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Archive for the ‘Mission’ Category
Well I reckon this is it. Right now, it’s 5:30AM. I’m in the sitting room warming up next to a blazing fire with my cup of Mzuzu coffee. The jeans I hope to wear to Nashville are laid out in front of the fire drying. In the distance I can hear the morning rooster roll call. It’s probably 40 degrees outside which means its damn cold inside with no heating. It’s been really cold lately and dreary — good weather to match the mood of departure.
What words do I have at this moment? None. A few moments ago, I just started crying. Tears feel like unexpressed words that have concentrated and condensed. So I cried. I cried to God for protection and safe travel home. I cried for the friends and family in whose lives we now leave a gap. They are so grateful for our presence and touched deeply by our leaving. I cried for the kids who are the best example of how to let an experience like this wash over and permeate life. I can only hope now that the seeds planted will grow and be harvested for years to come. I cried for our friends and family back home who are so excited to see us. Their love, support, and anticipation is what gives me strength to put one foot in front of another. I cried for Wilson who thinks of me as a father but in reality is more a brother. It was easy not to worry about him when he was on our payroll. I cried for my Malawian mother, Lucy Kandioni, who wailed at our departure last week. It was the kind of wailing you only hear at funerals here, and I wonder if there is a reason for that. The increased frequency of her illnesses and general weakness worry me that she may be close to her final journey home. I cried for Daniel who serves tirelessly a church institution that gives little back. I would have cherished a few final moments together yesterday and today, but it wasn’t to be. I cried for my marriage which has been tested, stretched, deepened, and strengthened by and through these past two years. If you want to get to know your spouse, live and work with them daily for two years. Not many marriages are designed for this type of dynamic but ours is. And I am very fortunate to have that gift.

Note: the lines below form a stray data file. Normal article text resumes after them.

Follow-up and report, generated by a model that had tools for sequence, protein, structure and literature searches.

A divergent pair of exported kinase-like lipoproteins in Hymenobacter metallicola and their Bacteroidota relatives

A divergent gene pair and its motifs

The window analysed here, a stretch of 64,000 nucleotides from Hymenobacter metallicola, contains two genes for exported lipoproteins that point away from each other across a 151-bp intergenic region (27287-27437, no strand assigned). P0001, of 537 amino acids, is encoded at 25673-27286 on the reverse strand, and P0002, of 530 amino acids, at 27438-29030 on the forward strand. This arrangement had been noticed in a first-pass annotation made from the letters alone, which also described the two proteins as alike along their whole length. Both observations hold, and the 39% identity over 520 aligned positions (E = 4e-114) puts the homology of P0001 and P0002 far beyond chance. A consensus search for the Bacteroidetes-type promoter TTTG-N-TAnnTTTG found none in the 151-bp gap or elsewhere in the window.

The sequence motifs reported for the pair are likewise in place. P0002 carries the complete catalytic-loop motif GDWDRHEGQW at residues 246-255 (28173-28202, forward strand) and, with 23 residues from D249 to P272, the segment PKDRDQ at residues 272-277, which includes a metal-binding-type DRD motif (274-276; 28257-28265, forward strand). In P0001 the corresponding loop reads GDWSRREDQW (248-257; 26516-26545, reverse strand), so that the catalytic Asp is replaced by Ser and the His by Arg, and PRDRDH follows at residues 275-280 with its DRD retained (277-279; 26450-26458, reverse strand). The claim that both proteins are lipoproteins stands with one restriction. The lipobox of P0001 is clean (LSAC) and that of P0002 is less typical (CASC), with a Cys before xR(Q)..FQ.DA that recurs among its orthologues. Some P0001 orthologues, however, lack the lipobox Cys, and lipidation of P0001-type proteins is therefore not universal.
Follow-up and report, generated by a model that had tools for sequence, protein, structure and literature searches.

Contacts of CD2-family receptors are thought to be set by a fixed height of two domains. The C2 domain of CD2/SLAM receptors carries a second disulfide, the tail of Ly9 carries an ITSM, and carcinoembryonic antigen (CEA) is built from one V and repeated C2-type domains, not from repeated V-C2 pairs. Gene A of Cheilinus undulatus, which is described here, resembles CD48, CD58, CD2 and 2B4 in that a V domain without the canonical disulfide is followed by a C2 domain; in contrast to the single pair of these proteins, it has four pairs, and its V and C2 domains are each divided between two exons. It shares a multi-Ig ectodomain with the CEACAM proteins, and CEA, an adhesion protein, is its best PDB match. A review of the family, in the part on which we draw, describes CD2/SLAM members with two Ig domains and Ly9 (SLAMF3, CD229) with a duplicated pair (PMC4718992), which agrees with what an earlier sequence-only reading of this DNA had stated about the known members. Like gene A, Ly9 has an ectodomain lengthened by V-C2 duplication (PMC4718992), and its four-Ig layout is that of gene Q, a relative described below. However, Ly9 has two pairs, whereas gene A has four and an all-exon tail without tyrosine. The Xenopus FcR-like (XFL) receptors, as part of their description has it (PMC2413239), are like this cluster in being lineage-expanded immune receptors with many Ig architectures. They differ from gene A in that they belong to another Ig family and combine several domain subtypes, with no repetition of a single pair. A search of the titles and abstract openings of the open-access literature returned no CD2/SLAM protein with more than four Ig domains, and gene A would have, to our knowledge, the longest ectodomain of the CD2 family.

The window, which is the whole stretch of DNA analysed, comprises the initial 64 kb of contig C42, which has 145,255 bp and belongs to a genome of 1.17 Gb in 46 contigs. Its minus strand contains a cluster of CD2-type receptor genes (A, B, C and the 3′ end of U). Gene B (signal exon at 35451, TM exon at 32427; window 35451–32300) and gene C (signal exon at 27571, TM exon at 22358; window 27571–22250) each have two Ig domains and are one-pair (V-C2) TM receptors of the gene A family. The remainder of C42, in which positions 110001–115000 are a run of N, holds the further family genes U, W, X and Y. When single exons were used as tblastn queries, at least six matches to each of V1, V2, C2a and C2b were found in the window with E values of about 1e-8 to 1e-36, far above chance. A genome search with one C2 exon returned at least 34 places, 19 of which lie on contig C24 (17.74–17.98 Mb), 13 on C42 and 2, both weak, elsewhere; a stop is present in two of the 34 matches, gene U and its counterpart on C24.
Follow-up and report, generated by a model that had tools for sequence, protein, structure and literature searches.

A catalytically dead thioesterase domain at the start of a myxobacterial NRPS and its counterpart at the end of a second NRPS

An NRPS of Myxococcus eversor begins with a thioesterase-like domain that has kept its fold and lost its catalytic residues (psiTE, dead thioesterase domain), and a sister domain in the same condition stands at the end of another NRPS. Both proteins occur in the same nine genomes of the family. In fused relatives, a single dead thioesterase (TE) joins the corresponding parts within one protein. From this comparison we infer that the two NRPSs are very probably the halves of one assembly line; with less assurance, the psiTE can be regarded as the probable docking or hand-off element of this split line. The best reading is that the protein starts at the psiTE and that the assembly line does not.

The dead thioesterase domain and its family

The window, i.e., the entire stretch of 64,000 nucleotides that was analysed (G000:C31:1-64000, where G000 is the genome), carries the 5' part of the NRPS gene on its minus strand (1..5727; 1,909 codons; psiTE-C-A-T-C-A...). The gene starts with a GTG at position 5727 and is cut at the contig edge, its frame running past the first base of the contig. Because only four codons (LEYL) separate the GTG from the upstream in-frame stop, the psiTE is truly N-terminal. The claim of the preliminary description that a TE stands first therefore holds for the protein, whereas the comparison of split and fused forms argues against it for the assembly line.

Most of all, I cried for Malawi – for all the things known and unknown that I will miss; for the people who can always smile “no matter no what”; for the intensity of the light, sounds, and smells; and most of all for the people who are not poor except that we label them so.
over the past six months I have written fewer and fewer blogs. the time and experiences have touched me in such deep places, troubling me in ways that I can only hope is the Holy Spirit stirring within me but I can’t sort out the rhyme or reason. sometimes interactions make me so angry. sometimes so sad. sometimes the joy is greater than anything I could have imagined. sometimes the experiences make me want to book a flight home immediately. sometimes I never want to leave this place. and sometimes the things that I want to write about reveal too much about confidences and relationships and emotions of those I love.
and tonite there are depths of emotion that I cannot give voice to. there are relationships that cannot be defined. there is growth and change that has been so painful and important for me and my family.